For more than 100 years, the Espionage Act, one of the worst laws in American history, has stayed on the books, impervious to reform.
A relic of World War I, when the government sought to stifle anti-war dissent, the law is so vague and yet so draconian that it has become a handy weapon for federal prosecutors to use against a wide array of targets — often individuals considered politically dangerous by mainstream America. For generations, it was used against American communists; in the 21st century, the Espionage Act has been repeatedly employed against whistleblowers who disclose embarrassing government secrets to the press. The Biden administration is now fighting to extradite Julian Assange, the WikiLeaks founder, so he can be tried under the Espionage Act, among other charges.
It’s easy to see why prosecutors love this antiquated law. Unlike other measures that might be used to prevent the disclosure of classified information, the Espionage Act carries extraordinarily heavy penalties, including life in prison. Prosecutors use the Espionage Act like a cudgel, convincing whistleblowers to plead guilty to a lesser charge, like mishandling classified information, to avoid a lengthy prison sentence. That way, prosecutors get quick convictions without going to trial.
Because prosecutors find the Espionage Act such a useful tool, it is probably not going away anytime soon. It is an abuse of the legal system, but the Justice Department has no incentive to stop using it.
The occasional efforts by members of Congress to reform the Espionage Act have never gotten very far. In recent years, Sen. Ron Wyden, an Oregon Democrat, has tried, and failed, to change it; now Rep. Rashida Tlaib, a Michigan Democrat, is trying again. In an amendment to the massive 2022-23 Pentagon spending bill known as the National Defense Authorization Act, Tlaib would, among other things, allow whistleblowers charged in leak cases to defend themselves by arguing that their disclosures to the media were in the public interest.
One of the worst things about the current law is that there is no way for whistleblowers to argue in court that they had a valid, even laudable reason to reveal government secrets. They are not allowed to explain that what they did was designed to help the American people know the truth about the government’s actions. A so-called public interest defense would be thrown out of court.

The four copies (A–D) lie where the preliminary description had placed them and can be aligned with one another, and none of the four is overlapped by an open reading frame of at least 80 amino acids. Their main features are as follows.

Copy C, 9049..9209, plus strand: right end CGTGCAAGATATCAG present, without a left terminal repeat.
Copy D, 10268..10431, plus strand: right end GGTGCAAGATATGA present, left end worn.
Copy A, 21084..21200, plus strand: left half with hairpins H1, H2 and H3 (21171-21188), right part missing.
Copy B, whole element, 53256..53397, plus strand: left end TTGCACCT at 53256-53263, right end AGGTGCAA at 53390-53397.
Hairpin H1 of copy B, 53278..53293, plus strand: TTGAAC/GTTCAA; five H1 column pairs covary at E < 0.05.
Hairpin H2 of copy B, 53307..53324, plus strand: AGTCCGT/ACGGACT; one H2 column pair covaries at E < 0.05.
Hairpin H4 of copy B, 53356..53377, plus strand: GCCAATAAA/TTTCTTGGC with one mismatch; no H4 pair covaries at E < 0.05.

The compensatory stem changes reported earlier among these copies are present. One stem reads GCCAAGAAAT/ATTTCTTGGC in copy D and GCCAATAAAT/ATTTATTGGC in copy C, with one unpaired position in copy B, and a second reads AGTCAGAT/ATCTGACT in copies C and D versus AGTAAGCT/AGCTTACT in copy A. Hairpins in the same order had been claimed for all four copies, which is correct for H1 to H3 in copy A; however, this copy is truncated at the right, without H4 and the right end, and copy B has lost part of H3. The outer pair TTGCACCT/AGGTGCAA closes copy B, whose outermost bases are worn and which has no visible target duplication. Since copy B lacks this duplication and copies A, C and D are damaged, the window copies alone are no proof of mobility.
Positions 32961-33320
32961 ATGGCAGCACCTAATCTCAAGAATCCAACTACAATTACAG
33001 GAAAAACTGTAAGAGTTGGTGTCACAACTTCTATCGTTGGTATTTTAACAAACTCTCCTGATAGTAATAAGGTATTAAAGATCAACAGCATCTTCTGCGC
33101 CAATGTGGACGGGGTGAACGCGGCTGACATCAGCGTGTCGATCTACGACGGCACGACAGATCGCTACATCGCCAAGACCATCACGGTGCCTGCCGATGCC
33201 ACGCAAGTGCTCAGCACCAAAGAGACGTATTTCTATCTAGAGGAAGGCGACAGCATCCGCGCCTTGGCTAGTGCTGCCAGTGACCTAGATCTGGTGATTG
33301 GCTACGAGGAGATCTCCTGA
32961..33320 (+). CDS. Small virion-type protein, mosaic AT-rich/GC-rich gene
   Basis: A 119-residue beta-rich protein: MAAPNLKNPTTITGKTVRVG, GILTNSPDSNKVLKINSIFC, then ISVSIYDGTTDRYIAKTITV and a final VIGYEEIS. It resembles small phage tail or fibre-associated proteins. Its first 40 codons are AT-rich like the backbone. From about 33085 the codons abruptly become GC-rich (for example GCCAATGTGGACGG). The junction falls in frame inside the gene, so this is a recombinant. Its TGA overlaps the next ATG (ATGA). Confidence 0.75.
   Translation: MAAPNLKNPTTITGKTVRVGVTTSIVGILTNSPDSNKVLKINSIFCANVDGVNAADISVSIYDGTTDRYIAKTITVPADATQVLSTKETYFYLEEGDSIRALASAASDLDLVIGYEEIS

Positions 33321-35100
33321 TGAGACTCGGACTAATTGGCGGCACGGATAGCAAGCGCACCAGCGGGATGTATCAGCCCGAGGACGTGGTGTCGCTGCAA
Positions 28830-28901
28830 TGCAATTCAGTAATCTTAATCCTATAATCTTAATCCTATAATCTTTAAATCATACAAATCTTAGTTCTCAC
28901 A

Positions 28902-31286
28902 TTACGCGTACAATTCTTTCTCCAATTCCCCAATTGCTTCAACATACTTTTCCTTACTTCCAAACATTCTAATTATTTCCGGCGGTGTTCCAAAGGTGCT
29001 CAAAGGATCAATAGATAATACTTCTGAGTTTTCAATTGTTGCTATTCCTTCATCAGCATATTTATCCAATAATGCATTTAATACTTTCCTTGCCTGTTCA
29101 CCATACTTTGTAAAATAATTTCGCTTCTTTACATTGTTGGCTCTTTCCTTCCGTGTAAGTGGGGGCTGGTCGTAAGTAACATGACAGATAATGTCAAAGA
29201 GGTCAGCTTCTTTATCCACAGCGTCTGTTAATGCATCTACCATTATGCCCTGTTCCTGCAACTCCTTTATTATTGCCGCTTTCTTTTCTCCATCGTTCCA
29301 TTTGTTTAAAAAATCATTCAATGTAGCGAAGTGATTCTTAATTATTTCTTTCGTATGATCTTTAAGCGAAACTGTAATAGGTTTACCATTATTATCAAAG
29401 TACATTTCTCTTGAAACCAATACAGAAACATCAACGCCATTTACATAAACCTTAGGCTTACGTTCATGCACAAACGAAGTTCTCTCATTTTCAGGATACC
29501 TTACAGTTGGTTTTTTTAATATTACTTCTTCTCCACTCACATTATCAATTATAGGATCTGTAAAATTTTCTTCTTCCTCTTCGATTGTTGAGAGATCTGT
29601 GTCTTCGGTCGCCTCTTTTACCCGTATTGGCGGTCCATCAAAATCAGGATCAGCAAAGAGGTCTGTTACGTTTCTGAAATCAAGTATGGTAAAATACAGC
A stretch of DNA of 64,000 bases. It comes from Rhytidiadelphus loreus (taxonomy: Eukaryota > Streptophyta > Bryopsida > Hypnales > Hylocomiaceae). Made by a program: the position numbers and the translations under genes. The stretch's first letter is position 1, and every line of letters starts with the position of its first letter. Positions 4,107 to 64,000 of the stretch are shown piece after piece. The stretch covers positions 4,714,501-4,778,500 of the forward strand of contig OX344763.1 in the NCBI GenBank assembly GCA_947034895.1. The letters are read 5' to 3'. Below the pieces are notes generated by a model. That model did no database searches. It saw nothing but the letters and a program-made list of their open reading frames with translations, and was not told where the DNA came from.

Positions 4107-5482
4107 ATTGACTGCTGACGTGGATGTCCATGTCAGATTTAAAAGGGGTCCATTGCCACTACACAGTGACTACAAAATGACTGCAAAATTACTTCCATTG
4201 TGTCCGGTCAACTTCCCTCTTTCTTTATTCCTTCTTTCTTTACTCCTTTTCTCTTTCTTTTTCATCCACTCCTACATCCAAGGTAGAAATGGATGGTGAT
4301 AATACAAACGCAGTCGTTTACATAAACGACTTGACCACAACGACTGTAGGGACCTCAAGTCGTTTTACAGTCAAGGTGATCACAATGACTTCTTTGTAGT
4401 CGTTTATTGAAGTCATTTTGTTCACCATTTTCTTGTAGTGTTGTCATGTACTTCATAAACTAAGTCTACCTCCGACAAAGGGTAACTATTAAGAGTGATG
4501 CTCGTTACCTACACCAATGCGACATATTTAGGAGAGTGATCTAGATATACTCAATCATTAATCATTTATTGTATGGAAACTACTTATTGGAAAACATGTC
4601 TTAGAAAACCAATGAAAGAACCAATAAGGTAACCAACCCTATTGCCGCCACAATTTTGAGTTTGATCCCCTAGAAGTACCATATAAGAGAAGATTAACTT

That gap in the law led to hypocrisy and tragedy in the case of Reality Winner. The former National Security Agency contractor was arrested in 2017 for anonymously leaking to a news outlet an NSA document showing that Russian intelligence tried to hack into U.S. state-level voting systems during the 2016 election. But while Winner was in jail awaiting trial, the Senate intelligence committee issued a report revealing that federal officials did not adequately warn state officials of the threat to their voting systems from the Russian hackers. Instead, the Senate report found that state officials only found out about the hacking threat from the press. That meant that The Intercept, which published the document along with a story about its significance, provided a critical public service. But even as the Senate implicitly lauded Winner’s actions, she wasn’t allowed to make the same argument in her own defense. Winner eventually pleaded guilty to avoid a longer prison term. (The Press Freedom Defense Fund, of which I am the director, supported Winner’s legal defense. Like The Intercept, the fund is part of First Look Institute.)
Like previous efforts to reform the Espionage Act, Tlaib’s amendment is likely to be rejected, perhaps in the next few days, as the House Rules Committee considers hundreds of amendments to the Pentagon budget bill. (Since the Pentagon budget must pass every year, it gets decked out like a Christmas tree with measures totally unrelated to Pentagon spending. This year, it has become an especially attractive platform for conservative culture warriors. Rep. Matt Gaetz, a Florida Republican and close ally of Donald Trump, has submitted an amendment that would express the sense of Congress “that combating extremism in the military should not be a top priority for the Department of Defense.”)
The Espionage Act will likely continue to withstand reform because few in Congress want to be labelled soft on national security. Like others who go against conventional wisdom, whistleblowers have very few allies.